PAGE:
Towards responsible nanotextiles and coatings: a new risk approach
A new study has developed risk assessment criteria for engineered nanomaterials (ENMs) to help inform innovation and policy decisions. It illustrates that product design can influence the unintended release of ENMs and that combining knowledge about the product life cycle with a systematic assessment of the potential hazards may enable responsible choices for future product developments to be made.
As yet, very little can be confidently concluded about the potential risks exposure to ENMs, but because policy and industry decisions have to be made today about their development, the study offers assessment criteria to help ensure that development is as sustainable and safe as possible, ahead of a regulatory review of nanotechnology due later this year.
The researchers assessed what is currently understood about the potential risks posed by ENMs used in nanotextiles and façade coatings with an extensive review of previous scientific studies and using new mathematical modelling of ENM behaviour and human toxicology. From this, they identified assessment criteria for the environment and human health, which included: Environmental effects; Solubility in water; Sedimentation; Stability during incineration; Impact on wastewater facilities; Human toxicity; DNA impairment; Crossing and damage of tissue barriers; Translocation effects in skin, the gastrointestinal or respiratory tracts.
Some previous research has suggested that around 90 per cent of nanosilver and most other ENMs can be removed during wastewater treatment, posing a reduced hazard to the environment; but the behaviour of nano zinc oxide has not yet been extensively investigated. Almost all types of ENM particles are likely to group together to form “agglomerates”, which sink down into the sediment with potential exposure to sediment-dwelling organisms. One general conclusion from the study is that nanosilver and nano zinc oxide could pose risks to the environment, but nano titanium dioxide should also be further investigated.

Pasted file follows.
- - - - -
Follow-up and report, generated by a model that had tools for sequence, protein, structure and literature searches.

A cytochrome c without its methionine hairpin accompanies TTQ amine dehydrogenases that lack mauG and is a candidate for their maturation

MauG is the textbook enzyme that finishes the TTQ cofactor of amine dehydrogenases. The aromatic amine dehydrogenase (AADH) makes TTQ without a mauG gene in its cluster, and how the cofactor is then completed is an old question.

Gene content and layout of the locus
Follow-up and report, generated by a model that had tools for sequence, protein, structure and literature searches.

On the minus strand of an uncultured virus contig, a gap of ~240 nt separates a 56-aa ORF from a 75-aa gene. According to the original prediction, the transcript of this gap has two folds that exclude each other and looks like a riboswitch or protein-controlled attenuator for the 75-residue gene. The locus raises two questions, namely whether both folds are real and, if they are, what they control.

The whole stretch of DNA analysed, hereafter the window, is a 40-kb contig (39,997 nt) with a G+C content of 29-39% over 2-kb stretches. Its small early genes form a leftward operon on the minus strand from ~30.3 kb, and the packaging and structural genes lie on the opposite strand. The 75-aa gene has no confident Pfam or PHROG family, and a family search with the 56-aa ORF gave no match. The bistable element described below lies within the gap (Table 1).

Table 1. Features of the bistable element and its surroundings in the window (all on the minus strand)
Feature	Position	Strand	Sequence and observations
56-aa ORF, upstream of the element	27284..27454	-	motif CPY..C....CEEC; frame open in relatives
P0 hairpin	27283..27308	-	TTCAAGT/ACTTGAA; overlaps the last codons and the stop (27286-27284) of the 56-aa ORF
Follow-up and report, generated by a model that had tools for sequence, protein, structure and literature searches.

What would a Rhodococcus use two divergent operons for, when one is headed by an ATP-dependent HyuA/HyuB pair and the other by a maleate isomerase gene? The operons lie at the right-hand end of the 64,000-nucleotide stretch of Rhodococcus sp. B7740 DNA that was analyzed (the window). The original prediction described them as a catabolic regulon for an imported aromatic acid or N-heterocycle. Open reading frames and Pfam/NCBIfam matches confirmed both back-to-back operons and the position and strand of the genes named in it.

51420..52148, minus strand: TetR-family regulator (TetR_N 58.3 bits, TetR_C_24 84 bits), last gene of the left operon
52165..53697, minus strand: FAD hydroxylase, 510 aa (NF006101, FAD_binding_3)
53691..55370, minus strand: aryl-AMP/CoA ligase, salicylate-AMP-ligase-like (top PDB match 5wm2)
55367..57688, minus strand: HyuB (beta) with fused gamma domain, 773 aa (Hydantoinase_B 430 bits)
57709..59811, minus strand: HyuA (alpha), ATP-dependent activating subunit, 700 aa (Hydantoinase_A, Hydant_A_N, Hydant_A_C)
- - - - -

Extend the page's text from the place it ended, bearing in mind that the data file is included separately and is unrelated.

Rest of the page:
Depending on the product design, a fraction of ENMs is released directly into the air, probably embedded in larger sized particles. Nano titanium dioxide is among a range of ENMs that have been linked to varying degrees of disruption to cellular functions in the brain, lungs and other vital organs. ENMs can also act as carriers for other toxic substances. The most important entry point of free nanoparticles is the lungs. Some tests have shown that ENMs can potentially lead to damage of lung tissues.
However, it is important to remember that few studies have investigated the chronic toxicity of ENMs and clear conclusions cannot be drawn yet. The precise risk to human health is difficult to quantify at present and large uncertainties still exist, say the researchers. Furthermore, there are still no reliable methods or tools for assessing levels of exposure. In tests, exposure of healthy skin to different types of ENMs has not provoked any acute effects and no translocation of ENMs has been observed. The size, purity and chemical form of ENMs can also vary widely. Exposure depends heavily on the way the products are designed, used, transported, stored and recycled. It is also likely that some ENMs change over time or under particular conditions, possibly altering their toxicity.
The researchers recommend dedicated investigations of specific ENMs products, using their risk assessment criteria, to evaluate and minimise potential risks. This is particularly urgent in the building sector, as it is thought that 15 to 30 per cent of façade coatings will be based on nanomaterials by 2015.
This article is based on an item that originally featured in Science for Environment Policy, a news service from the European Commission.
Source: Nanoforum /...
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